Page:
Cutting-edge Technology Captures Ancient Story

The Adventist Communication Network (ACN) and It Is Written Digital Media Group (IIWDMG), Vancouver, Wash., partnered to capture authentic images of Bible characters in a project called FACES:Biblical Folks that will bring new artwork for pastors, teachers and lay people to use in telling the old, old story. "Pastors from across the North American Division have been begging for fresh, contemporary photographs illustrating Bible stories," said Dave Gemmell, project director.

The project used the absolutely latest digital cameras to capture the faces of ancient history-makers for one November week in the desert near Las Vegas. "ACN is impassioned to provide the very latest digital resources for growing healthy congregations," said Jere Wallack, project producer.

Irony reigned throughout the project. The archaic faces of the Bible were digitized on microchips. Today's everyday folks became the authentic people of scripture. The desert of ultra-modern Las Vegas—"Sin City"—brought to life the timeless story of righteousness. The Las Vegas wash became the cleansing Jordan River, and man-made Lake Mead became the God-used Sea of Galilee.

Scores of members from the Mountain View Church in Las Vegas lent their faces to the project. Often the day started at 3:15 a.m. as these volunteers drove to the shoot location and rushed through wardrobe, make-up and props.

Photographer Erik Stenbakken used his artistic skills to capture the faces of Biblical folks with his 11-megapixel digital camera, resulting in nearly 35 gigabytes of photos.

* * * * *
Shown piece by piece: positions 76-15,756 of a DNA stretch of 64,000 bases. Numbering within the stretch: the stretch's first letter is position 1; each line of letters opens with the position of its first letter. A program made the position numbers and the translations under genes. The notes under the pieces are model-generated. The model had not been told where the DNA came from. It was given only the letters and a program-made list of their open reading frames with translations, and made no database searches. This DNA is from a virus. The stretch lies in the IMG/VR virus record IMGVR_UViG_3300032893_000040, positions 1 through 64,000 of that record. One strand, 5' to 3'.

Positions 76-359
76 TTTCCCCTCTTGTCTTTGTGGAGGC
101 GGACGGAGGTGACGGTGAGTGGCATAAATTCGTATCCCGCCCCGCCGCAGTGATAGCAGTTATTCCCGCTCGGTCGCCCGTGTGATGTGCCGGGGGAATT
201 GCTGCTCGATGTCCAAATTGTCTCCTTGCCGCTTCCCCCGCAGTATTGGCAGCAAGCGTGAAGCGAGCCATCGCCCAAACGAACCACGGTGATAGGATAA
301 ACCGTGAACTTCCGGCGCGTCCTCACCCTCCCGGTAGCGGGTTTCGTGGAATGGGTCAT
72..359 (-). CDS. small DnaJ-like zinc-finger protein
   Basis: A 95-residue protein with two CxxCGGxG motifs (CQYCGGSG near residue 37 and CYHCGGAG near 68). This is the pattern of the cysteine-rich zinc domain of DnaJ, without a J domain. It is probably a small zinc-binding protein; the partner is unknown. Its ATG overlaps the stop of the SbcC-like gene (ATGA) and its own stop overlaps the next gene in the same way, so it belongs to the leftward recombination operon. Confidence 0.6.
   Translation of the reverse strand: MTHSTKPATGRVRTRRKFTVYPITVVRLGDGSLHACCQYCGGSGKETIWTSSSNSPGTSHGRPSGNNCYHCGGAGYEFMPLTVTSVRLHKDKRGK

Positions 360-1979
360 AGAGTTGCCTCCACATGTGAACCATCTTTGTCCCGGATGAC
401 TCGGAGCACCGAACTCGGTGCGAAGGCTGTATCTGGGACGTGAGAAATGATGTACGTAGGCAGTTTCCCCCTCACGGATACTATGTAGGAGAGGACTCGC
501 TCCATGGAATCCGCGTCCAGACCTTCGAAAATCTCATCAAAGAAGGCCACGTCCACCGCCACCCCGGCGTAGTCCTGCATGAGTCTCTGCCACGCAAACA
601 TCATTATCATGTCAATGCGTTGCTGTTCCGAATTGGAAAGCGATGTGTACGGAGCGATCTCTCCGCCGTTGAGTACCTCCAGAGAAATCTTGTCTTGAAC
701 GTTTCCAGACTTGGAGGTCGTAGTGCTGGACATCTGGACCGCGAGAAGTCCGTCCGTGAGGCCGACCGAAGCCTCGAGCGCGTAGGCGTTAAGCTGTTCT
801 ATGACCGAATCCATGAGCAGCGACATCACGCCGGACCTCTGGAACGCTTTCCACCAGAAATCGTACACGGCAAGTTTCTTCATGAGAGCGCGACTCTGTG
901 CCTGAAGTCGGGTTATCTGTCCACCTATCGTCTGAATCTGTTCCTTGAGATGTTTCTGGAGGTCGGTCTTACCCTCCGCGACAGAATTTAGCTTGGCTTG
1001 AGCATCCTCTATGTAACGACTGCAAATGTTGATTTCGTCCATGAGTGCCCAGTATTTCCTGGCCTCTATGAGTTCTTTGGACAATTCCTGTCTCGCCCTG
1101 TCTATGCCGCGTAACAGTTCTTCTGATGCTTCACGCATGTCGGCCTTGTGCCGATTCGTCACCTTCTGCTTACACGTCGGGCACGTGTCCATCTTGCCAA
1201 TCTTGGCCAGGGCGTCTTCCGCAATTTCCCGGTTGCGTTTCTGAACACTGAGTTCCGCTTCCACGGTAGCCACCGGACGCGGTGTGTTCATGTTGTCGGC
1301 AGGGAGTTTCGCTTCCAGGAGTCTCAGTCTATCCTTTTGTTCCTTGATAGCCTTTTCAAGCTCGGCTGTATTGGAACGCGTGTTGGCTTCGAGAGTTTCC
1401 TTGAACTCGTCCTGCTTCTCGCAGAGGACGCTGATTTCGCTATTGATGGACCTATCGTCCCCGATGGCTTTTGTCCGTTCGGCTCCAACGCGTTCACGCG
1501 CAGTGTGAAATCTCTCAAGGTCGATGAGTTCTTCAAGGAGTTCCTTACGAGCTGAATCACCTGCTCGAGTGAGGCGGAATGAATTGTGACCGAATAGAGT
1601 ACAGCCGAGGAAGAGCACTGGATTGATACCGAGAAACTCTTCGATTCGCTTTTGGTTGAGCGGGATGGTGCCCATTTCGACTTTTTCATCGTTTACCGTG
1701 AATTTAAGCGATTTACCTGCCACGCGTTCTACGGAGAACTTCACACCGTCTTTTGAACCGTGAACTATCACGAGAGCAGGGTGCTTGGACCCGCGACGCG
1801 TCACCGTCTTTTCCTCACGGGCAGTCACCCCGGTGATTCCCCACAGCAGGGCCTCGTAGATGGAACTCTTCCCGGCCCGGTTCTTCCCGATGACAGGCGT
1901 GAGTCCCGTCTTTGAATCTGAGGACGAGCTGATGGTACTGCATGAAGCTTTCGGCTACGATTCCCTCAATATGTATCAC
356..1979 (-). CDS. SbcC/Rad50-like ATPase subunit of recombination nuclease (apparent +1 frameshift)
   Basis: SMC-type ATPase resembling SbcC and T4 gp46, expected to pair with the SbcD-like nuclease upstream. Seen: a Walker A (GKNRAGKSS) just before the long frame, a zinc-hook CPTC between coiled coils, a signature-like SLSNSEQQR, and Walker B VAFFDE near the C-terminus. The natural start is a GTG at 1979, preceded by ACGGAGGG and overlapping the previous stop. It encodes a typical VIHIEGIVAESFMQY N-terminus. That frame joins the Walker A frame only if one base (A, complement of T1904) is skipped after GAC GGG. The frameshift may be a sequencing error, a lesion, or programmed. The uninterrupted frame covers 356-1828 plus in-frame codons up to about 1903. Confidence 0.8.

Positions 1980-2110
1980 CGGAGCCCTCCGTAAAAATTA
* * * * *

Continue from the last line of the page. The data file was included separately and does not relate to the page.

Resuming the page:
Why would people take off work to subject themselves to sleep deprivation, endless waiting and face plastering? "It was a profound spiritual experience!" said Rachel Handley as she tearfully relived the story of Naomi and Ruth.

Many more tears flowed freely as the crucifixion was graphically recreated. "This experience changed my life," said Dave Everts, after he allowed his head to be shaved in order to relive the troubles of Job and the agony of the thief on the cross.

The volunteer models pray that their faces will draw thousands of people to God’s love as viewers see how heaven graciously accepted every character of the Bible. The first images will be released later in 2004.

However, the impact on many unchurched individuals was immediate. Actor Andrew Curby learned for the first time the story of Jesus as he portrayed the healing of the sick, feeding of 5,000 and hung on the cross. Peter Field Peck, a freelance photographer from New York, was so captured by the irony of the project that he flew to Las Vegas to shoot a documentary of Stenbakken doing his work.

"The week was filled with miracles," said associate producer Stacia Dulan. "We had ideal weather, picture-perfect sunrises and sunsets, and a great team of models."

The ACN/IIWDMG team was hoping for 200 to 300 photographs, but more than 6,500 images were captured. "These are awesome, story-telling pictures," says Wallack. "They will make an impact for God for many years to come."

Copyright photos owned by and printed with the permission of Adventist Communication Network and Stenbakken Photography.

March 01, 2004 / World Church
Share

Jere Wallack, NAD associate communication director for ACN and Dave Gemmell, ACN associate director